Out of school, was it worth the damage?

By Rick Houser – 

I have lived my entire life in the Ohio Valley near the great Ohio River. Along with the sight of the great river and it being a part of whom we are and why we are, we learn to never be surprised that “Old Man River” just keeps rolling along. I have heard many expressions and old sayings that have become a part of my vocabulary as well as yours. One such saying goes, “If you don’t like the weather, all you have to do is wait five minutes and it will change.”
The expression sounds a bit exaggerated but I will ask you the reader, “Does it really sound so far-fetched?”? Not in southwestern Ohio and in the Ohio Valley does it sound overstated. Just last week in a three-day span we had sunshine and mild temperatures, then cold rain followed by snow, then back to sunshine and a little warmer. So it is easy to like the weather and dislike it all in a few minutes.
This brings me to another facet of the weather when you live near the Ohio River and that’s keeping an eye on the river level. Not as much these days but in the years of my youth and adulthood, a period of heavy rain and snow could elevate the river to the point of rising above the 52 foot flood level. I lived out on Fruit Ridge, a good three miles from Moscow which is a small river town and where flood levels were and still are a serious concern.
Having grown up around that little town, I learned that the combination of rain, ice, and snow could equal school being closed for at least a week. When a community becomes flooded, those folks whose homes are in the flood plain must evacuate and relocate until the river goes down and returns to its banks, so the school has always been transformed into living quarters for the community.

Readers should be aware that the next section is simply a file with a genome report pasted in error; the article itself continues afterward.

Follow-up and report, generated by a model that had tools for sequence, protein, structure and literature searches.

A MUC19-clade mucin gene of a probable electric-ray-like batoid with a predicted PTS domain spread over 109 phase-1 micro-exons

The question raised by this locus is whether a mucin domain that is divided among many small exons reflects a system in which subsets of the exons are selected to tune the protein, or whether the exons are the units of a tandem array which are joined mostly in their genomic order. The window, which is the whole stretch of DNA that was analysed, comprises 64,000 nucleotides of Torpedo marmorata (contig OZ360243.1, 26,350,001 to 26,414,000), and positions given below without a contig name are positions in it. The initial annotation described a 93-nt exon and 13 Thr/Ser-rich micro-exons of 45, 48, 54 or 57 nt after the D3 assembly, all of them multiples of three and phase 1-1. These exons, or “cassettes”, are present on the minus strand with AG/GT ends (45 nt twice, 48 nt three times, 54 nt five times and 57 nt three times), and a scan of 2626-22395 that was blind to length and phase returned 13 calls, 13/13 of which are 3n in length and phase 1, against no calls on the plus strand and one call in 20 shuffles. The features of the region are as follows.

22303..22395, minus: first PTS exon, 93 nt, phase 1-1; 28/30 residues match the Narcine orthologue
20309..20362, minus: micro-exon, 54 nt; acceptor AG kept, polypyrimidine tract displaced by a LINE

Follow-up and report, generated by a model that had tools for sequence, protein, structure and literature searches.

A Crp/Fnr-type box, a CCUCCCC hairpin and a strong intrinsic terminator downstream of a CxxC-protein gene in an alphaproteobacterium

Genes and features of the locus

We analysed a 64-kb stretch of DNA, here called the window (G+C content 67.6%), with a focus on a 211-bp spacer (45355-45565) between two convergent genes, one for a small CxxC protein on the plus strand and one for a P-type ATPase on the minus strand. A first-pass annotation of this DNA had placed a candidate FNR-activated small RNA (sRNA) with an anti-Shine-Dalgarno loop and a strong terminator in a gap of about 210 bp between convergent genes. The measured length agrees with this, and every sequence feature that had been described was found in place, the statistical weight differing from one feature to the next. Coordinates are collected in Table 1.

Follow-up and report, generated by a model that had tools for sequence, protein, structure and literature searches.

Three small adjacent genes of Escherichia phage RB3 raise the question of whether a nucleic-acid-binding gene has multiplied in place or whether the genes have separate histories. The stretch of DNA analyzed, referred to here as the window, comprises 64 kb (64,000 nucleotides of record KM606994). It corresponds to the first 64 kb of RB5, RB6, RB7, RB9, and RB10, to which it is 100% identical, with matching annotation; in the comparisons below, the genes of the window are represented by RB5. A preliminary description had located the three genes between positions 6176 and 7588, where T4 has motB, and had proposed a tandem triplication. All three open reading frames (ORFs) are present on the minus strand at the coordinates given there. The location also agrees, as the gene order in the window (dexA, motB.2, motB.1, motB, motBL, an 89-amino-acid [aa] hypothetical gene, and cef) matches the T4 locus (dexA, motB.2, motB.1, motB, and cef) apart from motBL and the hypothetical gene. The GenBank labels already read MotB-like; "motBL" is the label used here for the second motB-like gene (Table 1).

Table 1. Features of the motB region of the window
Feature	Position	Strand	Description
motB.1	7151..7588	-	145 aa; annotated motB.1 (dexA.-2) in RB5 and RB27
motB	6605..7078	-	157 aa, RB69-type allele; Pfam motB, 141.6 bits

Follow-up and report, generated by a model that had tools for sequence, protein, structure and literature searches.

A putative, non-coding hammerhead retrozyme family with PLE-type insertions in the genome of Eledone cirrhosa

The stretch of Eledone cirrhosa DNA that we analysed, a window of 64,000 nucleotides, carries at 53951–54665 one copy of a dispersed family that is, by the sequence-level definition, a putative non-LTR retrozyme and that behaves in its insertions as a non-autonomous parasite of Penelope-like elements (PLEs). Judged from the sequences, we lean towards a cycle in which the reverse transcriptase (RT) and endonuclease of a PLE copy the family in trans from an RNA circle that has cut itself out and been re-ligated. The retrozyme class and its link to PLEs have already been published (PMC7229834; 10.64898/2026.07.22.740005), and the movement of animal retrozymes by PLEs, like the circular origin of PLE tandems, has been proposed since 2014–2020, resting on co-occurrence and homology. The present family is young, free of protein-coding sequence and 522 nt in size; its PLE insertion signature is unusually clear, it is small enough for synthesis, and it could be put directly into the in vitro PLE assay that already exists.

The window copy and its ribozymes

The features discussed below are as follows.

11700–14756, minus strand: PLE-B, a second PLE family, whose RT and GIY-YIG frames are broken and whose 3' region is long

Even though we lived out on the ridge, we would take our truck and go to town and help folks move out and help them when it was time for them to return. My Dad was a trustee and he and Ed Maus, also a trustee, would go to help. Since my brother Ben and I were big enough to lift, we were volunteered also. On top of that my Grandma Houser lived in Moscow and when she was forced to move it was time for her son and grandsons to help of course.
Those weren’t the best of times for but in a kid’s mind there was still that thought in the back of your head, “I don’t have to go to school”! When entering Moscow the mood of the townsfolk was one of a united situation and everyone seemed to give off the feeling of a much more pleasant situation. That part I really didn’t understand, but it was defenntly noticeable. Like I said my Dad was a public servant and he really did care about those whose property was underwater, so he went to town daily and sometimes more than once a day and of course I would go along as I just knew I was helpful and I really was hoping to see some of my classmates from school.
When I had to change schools I transferred to Felicity and I figured the days of getting out for flooding were over. But the Felicity school district covered the area of Chilo and Neville and all the land on the U.S 52 highway. Because of this the school at Felicity was the same as the one in Moscow, so for me a day off was still in play. When a flood was coming, it was aware to us all. As the weather kept moisture coming in our area and upriver, the weather bureau would hourly give the river level and even tell the listeners how fast the water was rising. Eventually the time of doom would be announced. The river would surpass the flood level at a certain time. (This was to let all know just how much longer they had to get out.)
We would drive down until we met US 52 and you would see water where you hadn’t seen it just a short while ago, where there was a roaf earlier was now part of the Ohio River.
As the water rose so did the chances for school closing and the more I hoped for it. Yes, I wanted out of school but I guess I didn’t think too much as to why. There is no way I was the only kid wanting out of school because If it didn’t affect you, the true feeling didn’t apply. Since I had to help my Dad move people I did feel it a little more and could see that Mother Nature does not relent.
Worse to me was after the flood waters resided. That was when we would help in cleaning out the houses damaged by flood waters. There is one fact that not a soul will deny and that is there is nothing dirtier or smellier than the water from the Ohio River.
Sitting on the banks of the Ohio River in late May is a great thing to do. Standing knee deep in river water in March is anything but great. It is a season that fortunately doesn’t come around near as much. I guess we have to thank the Army Corps of Engineers.

Rick Houser grew up on a farm near Moscow in Clermont County and loves to share stories about his youth and other topics. If desired he may be able to speak to you groups. He may be reached at houser734@yahoo.com.